Woman Diagnosed With Bowel Cancer In Her 20s, After Being Misdiagnosed For Two Years. Now She Wants Young Patients To Be Taken Seriously

At the age of 22, Anna Flood visited her GP complaining of extreme fatigue.

But she says it wasn't until two years later, after multiple trips to the doctor, that her symptoms were diagnosed as bowel cancer.

Now at the age of 28, the Exeter University graduate is calling for more to be done to diagnose and treat young people with bowel cancer sooner.

She's just one of the cancer survivors who features in Bowel Cancer UK's latest video for their ongoing Never Too Young campaign.

"I didn't take my symptoms seriously and put it down to having a busy lifestyle," she says in the video above. "It was definitely a shock to be diagnosed."

Flood suffers from Lynch syndrome - an inherited gene fault or mutation that increases an individual's bowel cancer risk.

When she began suffering from fatigue, weight loss and bowel problems in 2008, she didn't know there was a history of the condition on her dad's side of the family.

She persistently visited her doctor, but says she didn't feel she was being taken seriously.

"It wasn't until I was taken to A&E by my mum that things really started moving really quickly. The way I was treated in hospital was brilliant - you couldn't fault it," she said, according to ITV news.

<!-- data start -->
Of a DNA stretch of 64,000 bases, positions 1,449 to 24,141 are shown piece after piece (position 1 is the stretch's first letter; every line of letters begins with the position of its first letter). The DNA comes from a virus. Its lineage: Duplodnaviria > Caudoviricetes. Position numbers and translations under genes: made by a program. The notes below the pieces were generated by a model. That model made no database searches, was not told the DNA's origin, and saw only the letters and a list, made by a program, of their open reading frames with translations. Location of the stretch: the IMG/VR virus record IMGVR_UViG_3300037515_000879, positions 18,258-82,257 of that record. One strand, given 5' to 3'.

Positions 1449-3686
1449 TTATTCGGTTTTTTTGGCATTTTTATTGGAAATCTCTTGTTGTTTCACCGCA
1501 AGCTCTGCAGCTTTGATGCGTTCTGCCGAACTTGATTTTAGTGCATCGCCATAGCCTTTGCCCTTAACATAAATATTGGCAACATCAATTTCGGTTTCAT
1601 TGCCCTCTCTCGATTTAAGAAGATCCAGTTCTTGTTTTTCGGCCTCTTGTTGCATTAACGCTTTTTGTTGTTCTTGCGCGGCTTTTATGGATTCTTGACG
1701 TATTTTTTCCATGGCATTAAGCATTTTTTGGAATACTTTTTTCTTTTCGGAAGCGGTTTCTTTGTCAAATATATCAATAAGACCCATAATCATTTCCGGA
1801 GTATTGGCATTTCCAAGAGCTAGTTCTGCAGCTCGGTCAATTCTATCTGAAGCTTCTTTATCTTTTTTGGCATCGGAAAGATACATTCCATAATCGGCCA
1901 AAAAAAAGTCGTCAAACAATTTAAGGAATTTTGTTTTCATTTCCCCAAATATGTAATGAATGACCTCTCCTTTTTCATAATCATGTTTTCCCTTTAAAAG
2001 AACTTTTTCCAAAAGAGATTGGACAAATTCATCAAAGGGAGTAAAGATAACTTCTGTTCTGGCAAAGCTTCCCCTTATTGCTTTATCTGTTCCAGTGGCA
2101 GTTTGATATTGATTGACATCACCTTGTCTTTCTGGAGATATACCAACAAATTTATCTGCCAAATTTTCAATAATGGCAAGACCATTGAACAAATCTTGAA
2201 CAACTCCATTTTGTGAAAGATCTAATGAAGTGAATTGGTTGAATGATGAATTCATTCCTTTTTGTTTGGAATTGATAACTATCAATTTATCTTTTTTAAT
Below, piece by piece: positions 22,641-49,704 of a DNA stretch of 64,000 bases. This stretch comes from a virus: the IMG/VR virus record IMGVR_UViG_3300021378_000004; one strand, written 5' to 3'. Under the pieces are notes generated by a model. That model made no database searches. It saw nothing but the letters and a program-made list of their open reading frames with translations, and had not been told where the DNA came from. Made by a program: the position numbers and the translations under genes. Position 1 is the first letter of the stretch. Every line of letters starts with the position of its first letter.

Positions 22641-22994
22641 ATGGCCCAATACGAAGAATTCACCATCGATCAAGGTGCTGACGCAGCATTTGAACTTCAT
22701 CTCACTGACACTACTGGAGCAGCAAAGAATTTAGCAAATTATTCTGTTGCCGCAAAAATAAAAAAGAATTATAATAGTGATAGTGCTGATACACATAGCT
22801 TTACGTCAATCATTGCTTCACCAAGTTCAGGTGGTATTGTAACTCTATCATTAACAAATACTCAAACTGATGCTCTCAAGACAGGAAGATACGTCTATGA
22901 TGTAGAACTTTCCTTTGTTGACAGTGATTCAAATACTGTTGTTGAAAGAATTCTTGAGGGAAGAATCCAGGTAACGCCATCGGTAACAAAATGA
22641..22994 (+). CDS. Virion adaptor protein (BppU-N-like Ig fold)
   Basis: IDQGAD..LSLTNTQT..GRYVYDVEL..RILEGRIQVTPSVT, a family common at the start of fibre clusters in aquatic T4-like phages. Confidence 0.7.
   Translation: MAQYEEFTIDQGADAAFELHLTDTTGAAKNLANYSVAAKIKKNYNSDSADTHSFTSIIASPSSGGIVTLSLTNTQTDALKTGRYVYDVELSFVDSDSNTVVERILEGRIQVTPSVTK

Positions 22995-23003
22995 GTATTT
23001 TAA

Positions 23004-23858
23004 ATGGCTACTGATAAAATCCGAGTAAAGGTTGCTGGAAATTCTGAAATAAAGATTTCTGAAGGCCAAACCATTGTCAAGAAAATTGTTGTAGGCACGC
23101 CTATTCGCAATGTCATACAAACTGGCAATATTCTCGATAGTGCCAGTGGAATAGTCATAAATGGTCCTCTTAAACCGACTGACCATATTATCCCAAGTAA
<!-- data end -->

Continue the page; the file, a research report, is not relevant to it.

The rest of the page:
"They did lots of tests, did it all really quickly, operated quickly. Whereas when I went to the GP feeling really, really ill, I felt, not fobbed off, but as though they weren't really taking me seriously."

Flood was eventually diagnosed with bowel cancer in 2010 at the age of 24, two years after she spotted the warning signs. She underwent successful treatment and hopes to receive the all-clear in her upcoming five year scan.

Unfortunately, Flood's story isn't unique. According to a recent survey of patients under the age of 50 from Bowel Cancer UK, one in five people had to see their GP five times or more before being referred to a specialist.

One in four people surveyed felt ignored by their GP, while half of younger patients were not offered genetic testing for them or their families.

Awareness about bowel cancer among people under the age of 50 was also shown to be lacking. Four out of five people in this age category were not aware that they could be at risk of bowel cancer at their age.

Flood said: "There needs to be more work done to make it less of a stigma, less embarrassing for young people to talk about these things."

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